Page:Popular Science Monthly Volume 90.djvu/328

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��Popular Science Monthly

��binding post F. The secondary circuit includes that part of the transformer coil cut in by the "secondary" switch, and runs from binding post H through the detector and stopping-condenser to the ground binding post F. The telephones are connected across the stopping-condenser. A crystal detector and stopping-con- denser suitable for this use were described in the Popular Science Monthly for November, 191 6, in the third article of this series. The proper sort of telephones to use was also discussed in that article. A test-buzzer arrangement for adjustment of the detector was explained in the December article, and should be combined with the outfit of Fig. 7 in order to make the adjust- ment easier and more positive.


The circuits of Fig. 7, with the apparatus described, will give excellent results in receiving from the commercial and naval spark stations, if used with an antenna of from 150 to 250 ft.

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���These circuits with the apparatus de- scribed give excellent results in receiving

length. For shorter wavelengths than 500 meters the antenna used should be somewhat shorter, and for waves longer than 2500 meters (that on which time signals are sent) it is advantageous to use still longer wires. It is not neces- sary to erect multiple wire aerials for receiving, nor is great height essential. A 200-ft. single wire, of No. 10 gage copper, or even galvanized iron, swung horizontally between two 50-ft. masts or trees, will prove entirely satisfactory for most pur- poses. When it is desired to receive the short waves from amateur stations, which are restricted by law to wavelengths under 200 meters, a wire not much over 70 ft. in length should be used.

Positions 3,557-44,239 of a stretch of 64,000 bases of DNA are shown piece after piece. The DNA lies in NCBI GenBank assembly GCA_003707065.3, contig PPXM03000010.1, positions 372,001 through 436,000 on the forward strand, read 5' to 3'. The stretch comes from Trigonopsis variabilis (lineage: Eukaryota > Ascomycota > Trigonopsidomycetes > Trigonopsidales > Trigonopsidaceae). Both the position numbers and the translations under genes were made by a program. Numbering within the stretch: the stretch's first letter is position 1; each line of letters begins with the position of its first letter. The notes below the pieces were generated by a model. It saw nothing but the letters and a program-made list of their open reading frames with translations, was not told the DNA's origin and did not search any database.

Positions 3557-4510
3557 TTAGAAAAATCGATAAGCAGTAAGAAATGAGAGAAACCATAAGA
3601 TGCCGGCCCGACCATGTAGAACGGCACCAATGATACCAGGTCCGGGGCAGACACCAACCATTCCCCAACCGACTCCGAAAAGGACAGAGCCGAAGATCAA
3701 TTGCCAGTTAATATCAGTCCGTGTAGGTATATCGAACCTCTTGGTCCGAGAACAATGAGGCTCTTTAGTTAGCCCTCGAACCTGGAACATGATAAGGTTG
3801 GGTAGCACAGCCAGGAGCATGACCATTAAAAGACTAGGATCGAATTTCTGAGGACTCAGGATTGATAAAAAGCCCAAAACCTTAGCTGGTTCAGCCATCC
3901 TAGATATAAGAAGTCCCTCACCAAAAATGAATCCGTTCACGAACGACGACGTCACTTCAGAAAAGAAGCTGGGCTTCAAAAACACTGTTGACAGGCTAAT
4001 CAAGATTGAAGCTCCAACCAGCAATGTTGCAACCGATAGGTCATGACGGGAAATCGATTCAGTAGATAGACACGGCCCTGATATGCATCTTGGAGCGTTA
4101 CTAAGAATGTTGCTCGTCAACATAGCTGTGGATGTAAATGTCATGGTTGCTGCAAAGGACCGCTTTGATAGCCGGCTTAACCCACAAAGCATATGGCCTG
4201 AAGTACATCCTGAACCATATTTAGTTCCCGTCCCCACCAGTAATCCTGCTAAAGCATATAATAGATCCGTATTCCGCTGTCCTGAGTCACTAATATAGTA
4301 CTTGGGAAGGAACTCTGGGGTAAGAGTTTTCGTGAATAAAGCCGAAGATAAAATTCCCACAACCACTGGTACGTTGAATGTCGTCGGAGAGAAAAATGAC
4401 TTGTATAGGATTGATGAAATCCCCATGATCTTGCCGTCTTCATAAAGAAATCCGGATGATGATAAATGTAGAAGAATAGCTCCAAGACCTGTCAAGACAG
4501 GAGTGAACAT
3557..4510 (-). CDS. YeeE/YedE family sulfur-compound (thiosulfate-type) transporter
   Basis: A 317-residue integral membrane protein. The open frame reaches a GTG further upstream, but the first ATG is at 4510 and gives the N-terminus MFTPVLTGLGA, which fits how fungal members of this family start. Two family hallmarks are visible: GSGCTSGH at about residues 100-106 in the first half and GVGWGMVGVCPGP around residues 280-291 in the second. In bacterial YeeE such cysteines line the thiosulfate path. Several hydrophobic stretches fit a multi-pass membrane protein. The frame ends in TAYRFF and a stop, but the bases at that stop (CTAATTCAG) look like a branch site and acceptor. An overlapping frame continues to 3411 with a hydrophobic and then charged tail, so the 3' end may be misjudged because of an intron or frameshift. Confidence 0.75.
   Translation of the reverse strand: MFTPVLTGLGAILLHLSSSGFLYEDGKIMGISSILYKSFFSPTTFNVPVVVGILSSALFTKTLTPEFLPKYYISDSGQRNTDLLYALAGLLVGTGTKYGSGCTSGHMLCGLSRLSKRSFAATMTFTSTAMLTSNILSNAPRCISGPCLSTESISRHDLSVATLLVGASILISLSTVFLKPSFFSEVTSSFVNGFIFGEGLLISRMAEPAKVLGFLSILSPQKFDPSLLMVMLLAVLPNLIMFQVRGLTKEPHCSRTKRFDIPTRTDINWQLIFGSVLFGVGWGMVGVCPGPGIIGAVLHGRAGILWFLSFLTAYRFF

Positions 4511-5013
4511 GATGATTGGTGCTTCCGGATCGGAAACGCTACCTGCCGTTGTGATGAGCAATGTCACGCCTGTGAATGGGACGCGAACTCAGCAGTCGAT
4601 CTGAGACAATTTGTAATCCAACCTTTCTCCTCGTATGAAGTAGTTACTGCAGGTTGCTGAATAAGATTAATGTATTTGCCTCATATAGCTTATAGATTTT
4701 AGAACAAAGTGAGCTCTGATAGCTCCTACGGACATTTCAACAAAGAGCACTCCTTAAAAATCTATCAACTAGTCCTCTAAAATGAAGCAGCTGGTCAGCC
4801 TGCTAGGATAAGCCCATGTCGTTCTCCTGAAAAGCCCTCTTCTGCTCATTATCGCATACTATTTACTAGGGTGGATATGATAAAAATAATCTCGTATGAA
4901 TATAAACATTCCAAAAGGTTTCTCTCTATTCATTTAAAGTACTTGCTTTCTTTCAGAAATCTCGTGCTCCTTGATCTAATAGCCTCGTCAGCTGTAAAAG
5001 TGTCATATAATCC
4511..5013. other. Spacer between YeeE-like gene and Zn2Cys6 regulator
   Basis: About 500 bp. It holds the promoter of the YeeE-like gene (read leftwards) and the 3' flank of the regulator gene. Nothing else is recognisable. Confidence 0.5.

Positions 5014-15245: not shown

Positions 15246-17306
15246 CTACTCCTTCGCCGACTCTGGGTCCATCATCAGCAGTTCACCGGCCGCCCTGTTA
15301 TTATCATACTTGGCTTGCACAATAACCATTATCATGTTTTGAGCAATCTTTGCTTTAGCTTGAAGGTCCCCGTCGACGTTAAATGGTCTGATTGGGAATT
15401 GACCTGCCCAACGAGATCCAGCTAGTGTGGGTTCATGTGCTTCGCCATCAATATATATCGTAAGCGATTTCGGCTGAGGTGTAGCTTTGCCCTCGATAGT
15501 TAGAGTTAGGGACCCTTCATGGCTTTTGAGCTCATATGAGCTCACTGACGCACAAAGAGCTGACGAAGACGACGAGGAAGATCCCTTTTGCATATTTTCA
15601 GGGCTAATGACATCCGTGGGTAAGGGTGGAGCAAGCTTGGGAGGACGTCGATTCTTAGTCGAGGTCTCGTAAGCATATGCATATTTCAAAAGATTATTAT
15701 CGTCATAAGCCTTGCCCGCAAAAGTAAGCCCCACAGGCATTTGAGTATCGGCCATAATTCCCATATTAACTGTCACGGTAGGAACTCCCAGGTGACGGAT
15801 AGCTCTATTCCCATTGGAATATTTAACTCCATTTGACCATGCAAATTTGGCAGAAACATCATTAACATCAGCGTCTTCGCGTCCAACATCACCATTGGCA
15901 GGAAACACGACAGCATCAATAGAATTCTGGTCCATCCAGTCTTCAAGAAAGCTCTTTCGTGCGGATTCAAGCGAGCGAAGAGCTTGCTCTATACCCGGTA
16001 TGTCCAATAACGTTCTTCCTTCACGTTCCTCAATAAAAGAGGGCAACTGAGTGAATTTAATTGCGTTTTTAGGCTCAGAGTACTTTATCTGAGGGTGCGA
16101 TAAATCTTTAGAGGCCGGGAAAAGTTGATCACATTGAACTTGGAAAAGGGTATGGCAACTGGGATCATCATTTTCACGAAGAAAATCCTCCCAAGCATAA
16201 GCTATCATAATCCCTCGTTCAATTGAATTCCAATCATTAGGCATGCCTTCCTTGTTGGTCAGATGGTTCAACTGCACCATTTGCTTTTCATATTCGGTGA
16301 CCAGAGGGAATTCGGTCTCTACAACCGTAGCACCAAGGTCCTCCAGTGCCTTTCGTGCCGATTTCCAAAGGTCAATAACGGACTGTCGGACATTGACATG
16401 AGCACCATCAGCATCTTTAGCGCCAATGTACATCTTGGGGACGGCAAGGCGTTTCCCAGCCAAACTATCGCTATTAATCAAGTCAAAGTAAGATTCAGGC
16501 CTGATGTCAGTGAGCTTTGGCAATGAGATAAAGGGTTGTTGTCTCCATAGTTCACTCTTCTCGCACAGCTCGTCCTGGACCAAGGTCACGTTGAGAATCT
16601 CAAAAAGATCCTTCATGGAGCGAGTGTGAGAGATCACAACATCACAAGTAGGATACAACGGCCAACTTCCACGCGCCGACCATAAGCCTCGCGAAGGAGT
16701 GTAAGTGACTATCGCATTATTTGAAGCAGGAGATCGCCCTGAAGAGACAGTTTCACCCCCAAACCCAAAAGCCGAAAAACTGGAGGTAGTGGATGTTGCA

In attempting to "pick-up" signals with the outfit of Fig. 7, the best plan is to set the "units" switch on 5, the "coupling"

��switch on about 30^ and then to vary simultaneously the "tens" and the "second- ary" switches. As the turns on the loading coil are increased in number, those of the secondary should also be increased. When signals are heard, the best point of the secondary is selected, and the loading coil and coupling switches adjusted to give the loudest responses. One must of course be careful that his detector is adjusted proper- ly before starting to tune; for this purpose the test-buzzer is a great time-saver.

It will be noted that more turns of the loading coil and of the secondary are needed for long wavelengths than for short ones, and that when the number of "coupling" turns is reduced, the number of turns in the loading coil must be proportionally increased. This is because the loading coil and the coupling turns in series form a primary circuit, whose effective length must be adjusted for the various wavelengths in the manner described last month. It will also be noted that all stations which have the same wavelength will "come in" best with approximately the same settings, and that the wavelength of any station may be estimated roughly by considering the num- ber of turns in the loading and coupling coils which give the strongest signal from it.

A thing which is very important in the operation of this tuner, however, is not likely to be evident from the first tests made upon it. That is the relation between the sharpness of tuning and the number of turns on the coupling part of the trans- former coil. Careful observation will bring out that when the number of turns on the coupling section is reduced, and the loading coil correspondingly in- creased to the tuning point, better selectivi- ty is obtained. Usually there is a best value of the coupling turns for every station or wavelength, and its use requires the proper corresponding settings of the loading coil and secondary switches. Often when there is interference it is best to use still fewer turns of the coupling section, corre- spondingly increasing the loading coil, so as to get sharper tuning in spite of a weakened signal. The judicious selection of values for these three coil sections (primary, coupling and secondary), and the proper balancing of signal strength against sharpness of tuning, is one of the items which is most important in commer- cial radio-telegraphy. Many operators fail to get the most out of their receivers merely because they fail to pick out the best

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